Women's rights in Afghanistan take another step back

Friday, February 7, 2014

Well, this is discouraging. An article in the Guardian details how a seemingly small change to Afghanistan's criminal prosecution code will effectively bar victims and key witnesses from testifying against their abusers in cases of domestic violence.
The small but significant change to Afghanistan's criminal prosecution code bans relatives of an accused person from testifying against them. Most violence against women in Afghanistan is within the family, so the law – passed by parliament but awaiting the signature of the president, Hamid Karzai – will effectively silence victims as well as most potential witnesses to their suffering.

"It is a travesty this is happening," said Manizha Naderi, director of the charity and campaign group Women for Afghan Women. "It will make it impossible to prosecute cases of violence against women … The most vulnerable people won't get justice now."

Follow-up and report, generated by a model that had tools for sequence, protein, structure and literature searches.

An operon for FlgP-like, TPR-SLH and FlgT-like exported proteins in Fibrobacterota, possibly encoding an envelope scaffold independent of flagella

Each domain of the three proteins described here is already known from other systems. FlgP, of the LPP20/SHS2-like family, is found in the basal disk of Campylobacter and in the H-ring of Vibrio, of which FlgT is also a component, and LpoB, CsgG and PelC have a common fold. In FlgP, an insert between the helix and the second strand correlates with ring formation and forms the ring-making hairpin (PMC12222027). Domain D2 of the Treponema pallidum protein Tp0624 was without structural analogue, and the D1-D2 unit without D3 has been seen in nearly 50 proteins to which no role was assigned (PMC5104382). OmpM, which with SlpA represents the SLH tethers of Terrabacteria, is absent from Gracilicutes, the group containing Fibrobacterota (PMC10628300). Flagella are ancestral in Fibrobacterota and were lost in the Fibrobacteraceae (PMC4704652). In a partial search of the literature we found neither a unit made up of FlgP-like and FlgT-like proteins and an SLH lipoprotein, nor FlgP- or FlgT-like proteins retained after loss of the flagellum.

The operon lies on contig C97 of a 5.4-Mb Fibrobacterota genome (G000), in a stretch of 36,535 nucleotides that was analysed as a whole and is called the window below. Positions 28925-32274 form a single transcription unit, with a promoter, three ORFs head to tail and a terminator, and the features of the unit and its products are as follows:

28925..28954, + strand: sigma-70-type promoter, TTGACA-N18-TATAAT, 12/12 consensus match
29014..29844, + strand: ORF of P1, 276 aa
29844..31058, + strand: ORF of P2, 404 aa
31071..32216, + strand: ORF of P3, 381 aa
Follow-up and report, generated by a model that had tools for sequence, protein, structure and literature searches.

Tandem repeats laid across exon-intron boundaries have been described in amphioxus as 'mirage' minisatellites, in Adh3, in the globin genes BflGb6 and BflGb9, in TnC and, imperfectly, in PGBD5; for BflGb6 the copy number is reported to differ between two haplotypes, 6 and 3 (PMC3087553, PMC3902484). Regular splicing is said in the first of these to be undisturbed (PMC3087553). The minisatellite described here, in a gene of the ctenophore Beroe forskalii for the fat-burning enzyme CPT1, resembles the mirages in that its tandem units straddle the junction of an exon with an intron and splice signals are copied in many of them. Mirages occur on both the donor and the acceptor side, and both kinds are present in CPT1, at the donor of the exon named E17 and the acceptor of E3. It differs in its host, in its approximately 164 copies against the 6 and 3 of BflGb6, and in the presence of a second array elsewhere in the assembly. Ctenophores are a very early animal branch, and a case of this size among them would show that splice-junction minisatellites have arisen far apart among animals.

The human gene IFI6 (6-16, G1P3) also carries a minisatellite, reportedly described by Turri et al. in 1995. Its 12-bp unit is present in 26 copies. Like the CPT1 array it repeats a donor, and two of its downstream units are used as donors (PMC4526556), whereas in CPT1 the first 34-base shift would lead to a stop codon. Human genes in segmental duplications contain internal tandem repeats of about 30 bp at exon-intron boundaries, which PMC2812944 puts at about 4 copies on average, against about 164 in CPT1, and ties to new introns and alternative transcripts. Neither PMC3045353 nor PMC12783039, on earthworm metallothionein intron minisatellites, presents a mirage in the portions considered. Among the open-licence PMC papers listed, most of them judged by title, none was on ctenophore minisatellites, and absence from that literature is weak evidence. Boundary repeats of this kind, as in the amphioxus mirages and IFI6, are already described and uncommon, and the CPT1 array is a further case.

Under the new law, prosecutors could never come to court with cases like that of Sahar Gul, a child bride whose in-laws chained her in a basement and starved, burned and whipped her when she refused to work as a prostitute for them. Women like 31-year-old Sitara , whose nose and lips were sliced off by her husband at the end of last year, could never take the stand against their attackers.

"Honour" killings by fathers and brothers who disapprove of a woman's behaviour would be almost impossible to punish. Forced marriage and the sale or trading of daughters to end feuds or settle debt would also be largely beyond the control of the law in a country where the prosecution of abuse is already rare.
Unlike other countries like India, where violence against women often plays out on the street, the strong tribal nature of Aghanistan's social structure means that violence usually happens inside the home - so, if relatives can't testify against one another, there is essentially no way to achieve justice.

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